British Museum Recovers A Further 268 Stolen Objects From Collection

British Museum Artlyst

The British Museum has made public the investigation and return of 268 objects that were either misplaced or pilfered from its collection. This elevates the tally of recovered items to 626 after identifying over 1,500 missing pieces last summer. The reclaimed artefacts, primarily consisting of gems, jewellery, and other items, were traced back to thefts spanning more than 20 years, a scandal that has significantly marred the museum’s reputation.

The case centres around former museum curator Peter Higgs, dismissed last July for gross misconduct related to the thefts. Higgs, who served as the acting head of the Greece and Rome department, allegedly sold the poorly catalogued items on eBay, some at a fraction of their value. This represents one of the most severe incidents of museum theft in the UK in over half a century.

Danish collector and dealer Ittai Gradel played a pivotal role in unearthing the thefts. Gradel, who had unwittingly acquired 351 of the stolen items, alerted the museum to the issue despite his initial warnings being disregarded. His actions ultimately led to the resignation of the museum’s director, Hartwig Fischer, and deputy director, Jonathan Williams. Gradel has since returned the items he acquired, which were temporarily housed at the Thorvaldsens Museum in Copenhagen before being returned to London.

In December, the British Museum’s trustees decided to pursue civil litigation against Higgs to obtain information about the sale of stolen items. Legal action was initiated in March to obtain court orders granting access to Higgs’ eBay and PayPal accounts. This move aims to help identify the buyers and facilitate further recoveries.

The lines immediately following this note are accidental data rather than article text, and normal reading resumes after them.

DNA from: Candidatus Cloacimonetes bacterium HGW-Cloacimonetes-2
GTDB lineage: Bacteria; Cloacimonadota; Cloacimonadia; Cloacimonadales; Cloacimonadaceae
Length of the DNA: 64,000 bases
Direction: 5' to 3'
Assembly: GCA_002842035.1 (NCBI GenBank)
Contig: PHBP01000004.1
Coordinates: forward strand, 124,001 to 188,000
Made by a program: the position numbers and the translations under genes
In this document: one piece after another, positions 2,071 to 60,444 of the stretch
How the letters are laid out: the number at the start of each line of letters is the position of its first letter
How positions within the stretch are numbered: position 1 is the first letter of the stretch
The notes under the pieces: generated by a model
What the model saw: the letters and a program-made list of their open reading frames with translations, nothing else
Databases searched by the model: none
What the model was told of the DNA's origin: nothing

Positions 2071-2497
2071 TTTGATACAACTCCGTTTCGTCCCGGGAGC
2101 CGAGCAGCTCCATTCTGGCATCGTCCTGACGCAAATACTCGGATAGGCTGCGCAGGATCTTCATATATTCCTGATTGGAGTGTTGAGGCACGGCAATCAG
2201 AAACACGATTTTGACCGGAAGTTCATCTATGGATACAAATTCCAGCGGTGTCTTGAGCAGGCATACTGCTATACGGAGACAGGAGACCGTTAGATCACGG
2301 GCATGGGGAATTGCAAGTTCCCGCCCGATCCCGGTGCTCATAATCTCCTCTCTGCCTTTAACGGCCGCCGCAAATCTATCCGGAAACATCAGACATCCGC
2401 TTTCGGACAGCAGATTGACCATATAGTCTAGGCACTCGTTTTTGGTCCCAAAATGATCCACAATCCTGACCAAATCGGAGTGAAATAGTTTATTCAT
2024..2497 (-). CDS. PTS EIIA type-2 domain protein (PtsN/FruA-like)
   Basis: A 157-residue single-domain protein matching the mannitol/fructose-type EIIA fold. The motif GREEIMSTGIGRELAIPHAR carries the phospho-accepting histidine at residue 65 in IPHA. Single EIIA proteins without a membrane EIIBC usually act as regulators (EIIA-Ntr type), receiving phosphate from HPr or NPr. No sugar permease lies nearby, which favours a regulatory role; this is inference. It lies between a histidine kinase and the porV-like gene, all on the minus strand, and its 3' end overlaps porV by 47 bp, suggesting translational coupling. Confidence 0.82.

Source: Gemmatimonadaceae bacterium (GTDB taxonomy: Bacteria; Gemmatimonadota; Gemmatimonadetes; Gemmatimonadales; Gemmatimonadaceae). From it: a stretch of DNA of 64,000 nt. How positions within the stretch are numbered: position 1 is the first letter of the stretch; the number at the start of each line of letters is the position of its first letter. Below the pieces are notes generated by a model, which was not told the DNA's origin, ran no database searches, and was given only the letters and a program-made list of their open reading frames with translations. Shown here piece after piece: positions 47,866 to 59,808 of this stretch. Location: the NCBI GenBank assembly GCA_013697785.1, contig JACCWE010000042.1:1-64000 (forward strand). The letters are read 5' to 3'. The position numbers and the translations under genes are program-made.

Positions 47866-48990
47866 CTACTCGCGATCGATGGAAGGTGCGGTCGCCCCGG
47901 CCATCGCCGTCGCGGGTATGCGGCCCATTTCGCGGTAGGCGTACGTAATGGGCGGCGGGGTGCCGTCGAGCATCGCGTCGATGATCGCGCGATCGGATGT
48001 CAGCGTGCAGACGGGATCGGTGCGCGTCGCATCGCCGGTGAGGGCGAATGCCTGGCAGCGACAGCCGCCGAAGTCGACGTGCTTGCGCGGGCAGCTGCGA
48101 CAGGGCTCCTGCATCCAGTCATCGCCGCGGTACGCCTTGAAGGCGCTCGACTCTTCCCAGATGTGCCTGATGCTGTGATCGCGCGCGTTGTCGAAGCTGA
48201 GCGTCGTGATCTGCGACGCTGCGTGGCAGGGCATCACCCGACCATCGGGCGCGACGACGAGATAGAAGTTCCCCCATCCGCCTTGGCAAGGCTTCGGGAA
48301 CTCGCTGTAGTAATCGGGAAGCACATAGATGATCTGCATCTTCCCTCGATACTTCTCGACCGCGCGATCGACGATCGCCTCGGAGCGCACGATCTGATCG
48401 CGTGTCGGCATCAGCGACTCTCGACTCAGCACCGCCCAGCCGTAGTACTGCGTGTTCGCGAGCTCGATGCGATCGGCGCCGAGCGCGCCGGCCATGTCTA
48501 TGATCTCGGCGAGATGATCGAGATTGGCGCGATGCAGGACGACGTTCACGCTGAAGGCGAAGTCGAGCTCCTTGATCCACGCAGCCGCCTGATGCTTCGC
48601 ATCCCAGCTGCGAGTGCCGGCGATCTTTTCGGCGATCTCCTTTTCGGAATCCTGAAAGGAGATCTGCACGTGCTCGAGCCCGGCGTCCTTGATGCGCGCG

The museum has expressed optimism about recovering additional items. A spokesman indicated that new leads could result in the recovery of about 100 more pieces. Investigations are ongoing, with substantial assistance expected from eBay and PayPal records. Chairman George Osborne highlighted the significance of these efforts, stating that recovering nearly half of the stolen items was an unexpected but welcome outcome.

Despite the progress, approximately 874 items still need to be accounted for. A police investigation into Higgs continues, though no arrests or charges have been made. Higgs’ son, Greg, has publicly denied his father’s involvement in the thefts, expressing doubt over the accusations.

To showcase the recovered items, the museum has set up a small display titled “Rediscovering Gems: Small Wonders, Big Impressions,” which will be on view until June 6. The British Museum has earnestly appealed to anyone with further information about the missing artefacts to step forward, underlining the importance of public cooperation in this ongoing investigation.

Chair of the British Museum George Osborne said: “Few expected to see this day, and even I had my doubts. When we announced the devastating news that objects had been stolen from our collection, people understandably assumed that was it – we were unlikely ever to see more than a handful of them again. That’s usually the history of thefts like this. “But the team at the British Museum refused to give up. Through clever detective work and a network of well-wishers, we’ve achieved a remarkable result: more than 600 of the objects are back with us, and a further 100 have been identified – almost half the stolen items we could recover. It’s a great result but we’re not resting here – the hunt goes on for the remaining missing objects. I urge anyone with any information to follow the example of all who’ve helped us and get in touch.”

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